Tuesday, June 21, 2011

NH Gov. Vetoes Abortion Parental Notification

The New Hampshire Catholic bishop is appealing to the state legislature to override Gov. John Lynch's veto of a bill requiring abortionists to inform parents, or a judge (48 hours in advance), of the intention of any girl under age 18 to kill her unborn child.

UPDATE 6/23/11: Notification becomes law as House overrides veto by 266-102, Senate overrides by 17-7

-- From "NH gov vetoes bill requiring parental notification" by Norma Love, Associated Press 6/15/11

Exceptions existed if a doctor determined the female's life was at risk or if a delay would create "serious risk of substantial and irreversible impairment of a major bodily organ."

The Democratic governor said he was prepared to sign a parental notification bill if it contained commonsense changes. He said a young woman should not be forced to involve the person who abused her in the decision.

He also noted that if doctors performed abortions and it was later determined to be the wrong decision, they would have faced criminal liability.

Four years ago, Lynch made New Hampshire the first state to repeal a law requiring parental notification for minors to get abortions. He said the unenforced law was unconstitutional because it failed to protect the safety of young women.

To read the entire article above, CLICK HERE.

From "Bishop urges Legislature to overturn abortion notification veto" by Dan Tuohy, New Hampshire Union Leader 6/21/11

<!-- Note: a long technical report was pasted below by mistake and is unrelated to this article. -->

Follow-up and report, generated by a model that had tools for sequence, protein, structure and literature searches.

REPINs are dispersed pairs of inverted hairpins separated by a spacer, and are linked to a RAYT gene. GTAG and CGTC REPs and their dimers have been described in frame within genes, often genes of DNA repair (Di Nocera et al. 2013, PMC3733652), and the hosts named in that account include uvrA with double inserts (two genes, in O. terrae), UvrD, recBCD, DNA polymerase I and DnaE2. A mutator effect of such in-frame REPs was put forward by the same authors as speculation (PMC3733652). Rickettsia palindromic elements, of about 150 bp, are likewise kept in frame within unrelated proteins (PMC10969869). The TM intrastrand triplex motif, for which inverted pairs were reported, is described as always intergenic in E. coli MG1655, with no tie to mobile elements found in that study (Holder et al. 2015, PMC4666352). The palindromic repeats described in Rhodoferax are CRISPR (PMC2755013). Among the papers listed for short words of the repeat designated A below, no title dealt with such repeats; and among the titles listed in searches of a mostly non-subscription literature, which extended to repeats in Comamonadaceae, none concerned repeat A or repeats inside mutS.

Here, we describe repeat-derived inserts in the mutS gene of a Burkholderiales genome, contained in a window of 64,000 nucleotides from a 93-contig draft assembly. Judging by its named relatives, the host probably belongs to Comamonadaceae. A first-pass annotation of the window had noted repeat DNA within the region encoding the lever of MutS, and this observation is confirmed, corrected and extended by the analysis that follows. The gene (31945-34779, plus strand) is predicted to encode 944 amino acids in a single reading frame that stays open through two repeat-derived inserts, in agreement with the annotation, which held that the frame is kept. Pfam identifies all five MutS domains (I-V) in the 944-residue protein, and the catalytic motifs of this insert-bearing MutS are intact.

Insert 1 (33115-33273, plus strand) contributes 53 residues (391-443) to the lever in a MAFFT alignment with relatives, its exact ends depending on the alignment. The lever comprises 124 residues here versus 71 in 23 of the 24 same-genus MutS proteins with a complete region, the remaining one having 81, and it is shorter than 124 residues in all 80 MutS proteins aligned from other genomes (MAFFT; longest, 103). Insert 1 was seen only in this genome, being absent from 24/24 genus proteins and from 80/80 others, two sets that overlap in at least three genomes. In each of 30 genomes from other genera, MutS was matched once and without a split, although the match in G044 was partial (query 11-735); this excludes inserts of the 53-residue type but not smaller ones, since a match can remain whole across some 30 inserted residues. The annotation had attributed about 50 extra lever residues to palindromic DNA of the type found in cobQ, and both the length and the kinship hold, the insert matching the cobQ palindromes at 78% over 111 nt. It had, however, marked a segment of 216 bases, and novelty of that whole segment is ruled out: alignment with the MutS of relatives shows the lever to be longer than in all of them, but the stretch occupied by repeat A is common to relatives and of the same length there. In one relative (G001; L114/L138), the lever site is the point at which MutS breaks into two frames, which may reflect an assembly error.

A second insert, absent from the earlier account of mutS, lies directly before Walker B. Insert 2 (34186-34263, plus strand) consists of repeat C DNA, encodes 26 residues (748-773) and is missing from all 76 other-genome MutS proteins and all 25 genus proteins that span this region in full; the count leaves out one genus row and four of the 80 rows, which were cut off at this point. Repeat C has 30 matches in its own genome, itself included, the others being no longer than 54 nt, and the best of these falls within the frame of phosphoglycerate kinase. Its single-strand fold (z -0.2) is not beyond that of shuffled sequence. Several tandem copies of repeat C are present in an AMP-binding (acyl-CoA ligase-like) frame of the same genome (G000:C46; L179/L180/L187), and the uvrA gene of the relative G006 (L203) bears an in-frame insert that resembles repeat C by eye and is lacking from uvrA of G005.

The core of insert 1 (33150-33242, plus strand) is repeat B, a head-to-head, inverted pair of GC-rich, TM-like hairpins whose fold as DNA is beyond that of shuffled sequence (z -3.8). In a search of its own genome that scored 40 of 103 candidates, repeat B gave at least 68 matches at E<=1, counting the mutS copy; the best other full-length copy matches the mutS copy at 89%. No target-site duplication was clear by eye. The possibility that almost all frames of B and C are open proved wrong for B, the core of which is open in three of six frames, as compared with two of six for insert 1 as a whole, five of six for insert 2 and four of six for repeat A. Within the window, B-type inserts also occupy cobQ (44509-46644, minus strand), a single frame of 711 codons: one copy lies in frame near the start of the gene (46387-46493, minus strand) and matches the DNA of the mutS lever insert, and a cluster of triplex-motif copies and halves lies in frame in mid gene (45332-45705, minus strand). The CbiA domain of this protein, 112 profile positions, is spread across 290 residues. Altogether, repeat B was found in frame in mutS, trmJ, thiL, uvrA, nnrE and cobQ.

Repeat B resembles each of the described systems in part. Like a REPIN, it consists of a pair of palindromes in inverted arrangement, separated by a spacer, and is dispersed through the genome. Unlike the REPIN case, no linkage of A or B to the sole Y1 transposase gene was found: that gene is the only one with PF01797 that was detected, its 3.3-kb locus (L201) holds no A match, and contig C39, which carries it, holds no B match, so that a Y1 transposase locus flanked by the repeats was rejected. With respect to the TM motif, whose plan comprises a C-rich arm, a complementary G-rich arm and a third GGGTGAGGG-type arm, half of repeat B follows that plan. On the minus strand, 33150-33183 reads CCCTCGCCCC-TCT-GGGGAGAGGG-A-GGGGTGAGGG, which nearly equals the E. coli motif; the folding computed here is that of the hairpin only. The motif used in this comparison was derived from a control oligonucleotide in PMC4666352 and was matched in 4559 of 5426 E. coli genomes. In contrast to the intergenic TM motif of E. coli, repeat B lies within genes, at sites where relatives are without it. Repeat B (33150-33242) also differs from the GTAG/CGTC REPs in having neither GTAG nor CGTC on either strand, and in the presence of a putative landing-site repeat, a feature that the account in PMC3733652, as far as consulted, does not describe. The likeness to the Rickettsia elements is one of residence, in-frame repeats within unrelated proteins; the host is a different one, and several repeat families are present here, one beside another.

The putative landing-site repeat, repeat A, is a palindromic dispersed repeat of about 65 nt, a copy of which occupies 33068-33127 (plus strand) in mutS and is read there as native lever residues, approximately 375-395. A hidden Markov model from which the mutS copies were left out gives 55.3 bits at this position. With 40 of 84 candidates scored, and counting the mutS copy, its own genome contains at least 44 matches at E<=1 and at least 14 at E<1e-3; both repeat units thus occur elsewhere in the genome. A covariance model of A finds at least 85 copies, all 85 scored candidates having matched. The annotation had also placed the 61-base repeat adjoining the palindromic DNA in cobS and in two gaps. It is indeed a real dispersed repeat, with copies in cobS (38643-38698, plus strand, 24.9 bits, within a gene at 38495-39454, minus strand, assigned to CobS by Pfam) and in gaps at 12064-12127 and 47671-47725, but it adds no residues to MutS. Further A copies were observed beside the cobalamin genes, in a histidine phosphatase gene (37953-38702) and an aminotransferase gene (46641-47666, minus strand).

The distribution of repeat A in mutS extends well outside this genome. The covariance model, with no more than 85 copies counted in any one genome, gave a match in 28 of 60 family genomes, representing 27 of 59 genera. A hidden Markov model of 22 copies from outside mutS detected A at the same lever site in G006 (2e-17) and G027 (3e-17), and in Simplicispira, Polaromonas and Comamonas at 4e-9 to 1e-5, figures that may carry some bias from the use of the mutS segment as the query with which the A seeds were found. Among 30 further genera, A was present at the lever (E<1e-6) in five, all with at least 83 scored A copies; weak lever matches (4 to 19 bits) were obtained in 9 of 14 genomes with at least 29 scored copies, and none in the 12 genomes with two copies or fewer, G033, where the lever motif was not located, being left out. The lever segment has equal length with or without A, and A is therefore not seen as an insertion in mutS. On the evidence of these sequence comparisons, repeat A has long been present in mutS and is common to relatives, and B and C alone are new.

Bishop John B. McCormack . . . head of the Roman Catholic Church in the state, said the bill recognizes the importance of the constitutionally protected role that parents have in caring for their children.

“It would be a grave mistake to divest parents of meaningful input into the health care of their minor children,” he said in statement. “It is significant that in every other context of an adolescent’s life, the law assumes that parents are the natural guardians of their child’s health and best interests. Indeed, New Hampshire requires parental consent — not just parental notification — with respect to a long list of health care and non-health care matters, including tanning, body piercing, employment, and the possession and use of an asthma inhaler and epinephrine auto injectors.”

In what way does it make sense that a child cannot be given an aspirin by a school nurse without the consent of the parent,” McCormack said, “but that same child can have an abortion, serious surgery with life-changing consequences, without the parent even knowing that it has happened?”

The Republican-dominated Legislature appears to have strength to muster an override. The House passed the bill 256 to 102 and the Senate passed it 17 to 7.

To read the entire article above, CLICK HERE.

From "Parental Notification Veto Not Likely The Last Word" by Josh Rogers, New Hampshire Public Radio 6/16/11

Parental notification has been a hot-button issue for as long as John Lynch has been Governor, and throughout Lynch’s almost 7 years in office his stance has been pretty consistent: He didn’t think a notice law was needed but did think that parents would ideally be involved in a minor's decision to have an abortion. Lynch’s veto message, though, says something a little different.

“I support parental notification. I think parents should be involved in decision of this significance, but I also recognize that are situation where parents can’t be involved, particularly where there are minors who are victims of rape and incest.”

Parental notification bills have historically had a hard time in Concord. The one passed in 2003 and later repealed after a legal battle that stretched all the way to the US Supreme Court cleared the state senate by just a single vote. But republican leaders made this bill a top priority, and it cleared both chambers more than 2 to 1 margins.

. . . 2/3rd votes in both chambers are required for an override. But neither the governor, nor lawmakers may have the final word. Diana Kasdan of an ACLU lawyer who monitors abortion issues nationwide. She says a court challenge would examine more than case law and statutory construction.

To read the entire article above, CLICK HERE.